It was a good ending and fine experience for a fabulous pony.
I have no regrets.
On another note, I think I have recounted my other experience with UofG which I thought they handled beautifully as well. My sisters hunter corked himself playing in the paddock one day. Nothing unusual about it. It was cleaned and attended to.
Ten days after corking himself, he was humanely destroyed at Guelph, suffering from Necrotizing Faceitis(flesh eating disease). His immune system shut down and the outlook for survival and being able to walk was estimated to be miraculous if he survived another 24 hours. He would never trot or canter again, assuming he could walk. He would have had to have had skin graphs. In short, he would not have been able to live the life of a horse, even a lame one, and would essentially have been three legged. All this is before financial considerations.
UofG was again, absolutely fantastic. The care was second to none. We were called constantly with updates and told up front what needed to be done and why, in language we could understand. He was handled constantly by the same people which calmed him down considerably.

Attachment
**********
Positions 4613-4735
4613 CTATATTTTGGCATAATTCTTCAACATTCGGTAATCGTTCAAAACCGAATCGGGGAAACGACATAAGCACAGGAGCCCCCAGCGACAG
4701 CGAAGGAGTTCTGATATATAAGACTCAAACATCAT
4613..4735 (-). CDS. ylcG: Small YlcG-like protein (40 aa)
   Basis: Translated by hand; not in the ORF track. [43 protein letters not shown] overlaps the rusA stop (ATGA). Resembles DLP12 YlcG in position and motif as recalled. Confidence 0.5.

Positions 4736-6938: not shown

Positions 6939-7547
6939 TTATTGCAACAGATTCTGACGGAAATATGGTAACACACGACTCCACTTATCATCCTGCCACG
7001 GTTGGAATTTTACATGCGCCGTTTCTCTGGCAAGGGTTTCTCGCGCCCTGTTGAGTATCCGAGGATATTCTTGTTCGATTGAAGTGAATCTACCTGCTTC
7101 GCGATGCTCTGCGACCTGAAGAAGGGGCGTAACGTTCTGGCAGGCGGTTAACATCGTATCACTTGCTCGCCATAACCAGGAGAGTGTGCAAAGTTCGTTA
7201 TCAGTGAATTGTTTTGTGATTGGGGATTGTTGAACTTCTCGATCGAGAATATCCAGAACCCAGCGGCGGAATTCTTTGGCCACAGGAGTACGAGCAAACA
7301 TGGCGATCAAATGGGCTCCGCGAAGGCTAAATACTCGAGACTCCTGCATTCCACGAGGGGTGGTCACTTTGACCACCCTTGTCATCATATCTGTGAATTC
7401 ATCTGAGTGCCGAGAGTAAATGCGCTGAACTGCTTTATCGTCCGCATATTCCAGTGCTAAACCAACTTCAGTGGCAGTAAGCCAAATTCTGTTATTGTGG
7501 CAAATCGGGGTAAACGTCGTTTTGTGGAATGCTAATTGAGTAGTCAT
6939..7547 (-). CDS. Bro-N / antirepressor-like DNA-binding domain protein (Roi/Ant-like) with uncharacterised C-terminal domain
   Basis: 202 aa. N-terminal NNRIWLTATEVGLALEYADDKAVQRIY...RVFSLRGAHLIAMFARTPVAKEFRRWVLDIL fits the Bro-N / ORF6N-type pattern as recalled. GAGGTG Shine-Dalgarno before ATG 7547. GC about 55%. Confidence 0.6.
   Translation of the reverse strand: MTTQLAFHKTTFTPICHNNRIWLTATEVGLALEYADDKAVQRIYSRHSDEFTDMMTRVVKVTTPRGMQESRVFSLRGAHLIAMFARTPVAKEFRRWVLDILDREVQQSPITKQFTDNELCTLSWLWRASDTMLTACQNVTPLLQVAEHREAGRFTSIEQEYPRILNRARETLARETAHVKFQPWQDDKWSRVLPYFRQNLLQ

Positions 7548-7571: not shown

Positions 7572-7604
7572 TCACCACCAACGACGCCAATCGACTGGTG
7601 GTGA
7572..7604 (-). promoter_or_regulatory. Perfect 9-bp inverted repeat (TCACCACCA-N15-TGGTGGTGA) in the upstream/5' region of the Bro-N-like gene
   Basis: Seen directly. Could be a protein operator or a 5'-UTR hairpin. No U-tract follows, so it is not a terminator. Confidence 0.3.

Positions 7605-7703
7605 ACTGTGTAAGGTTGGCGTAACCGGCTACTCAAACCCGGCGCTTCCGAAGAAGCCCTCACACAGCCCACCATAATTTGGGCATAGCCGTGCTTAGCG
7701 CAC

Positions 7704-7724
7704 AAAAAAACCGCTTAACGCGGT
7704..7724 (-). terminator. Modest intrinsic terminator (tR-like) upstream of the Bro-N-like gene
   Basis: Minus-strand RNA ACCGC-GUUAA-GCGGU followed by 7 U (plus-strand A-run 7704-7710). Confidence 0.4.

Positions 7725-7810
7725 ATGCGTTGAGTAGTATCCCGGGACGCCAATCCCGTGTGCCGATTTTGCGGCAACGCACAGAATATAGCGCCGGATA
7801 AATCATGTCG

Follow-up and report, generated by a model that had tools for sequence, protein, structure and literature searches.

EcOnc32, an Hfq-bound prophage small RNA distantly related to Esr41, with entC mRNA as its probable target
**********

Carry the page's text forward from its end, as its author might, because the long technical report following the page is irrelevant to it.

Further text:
I have the utmost respect for this facility.
[This message was edited by LCR Scott on Mar. 05, 2001 at 01:33 PM.]
And God took a handful of southerly wind, blew his breath upon it, and
created the horse.\" Bedouin legend
Elizabeth-when I first read (in another post of yours), that you were considering putting an 11 year old horse down, I thought" Jeez, what a spoiled unfeeling jerk." You didn't indicate that Buster had navicular and I jumped to the conclusion that you were simply callous and uncaring. I mention this as a reminder to all how easy it is to misinterpret comments in the cyber world.
That said, my philosophy has always been that it is the quality not quantity of the life that counts.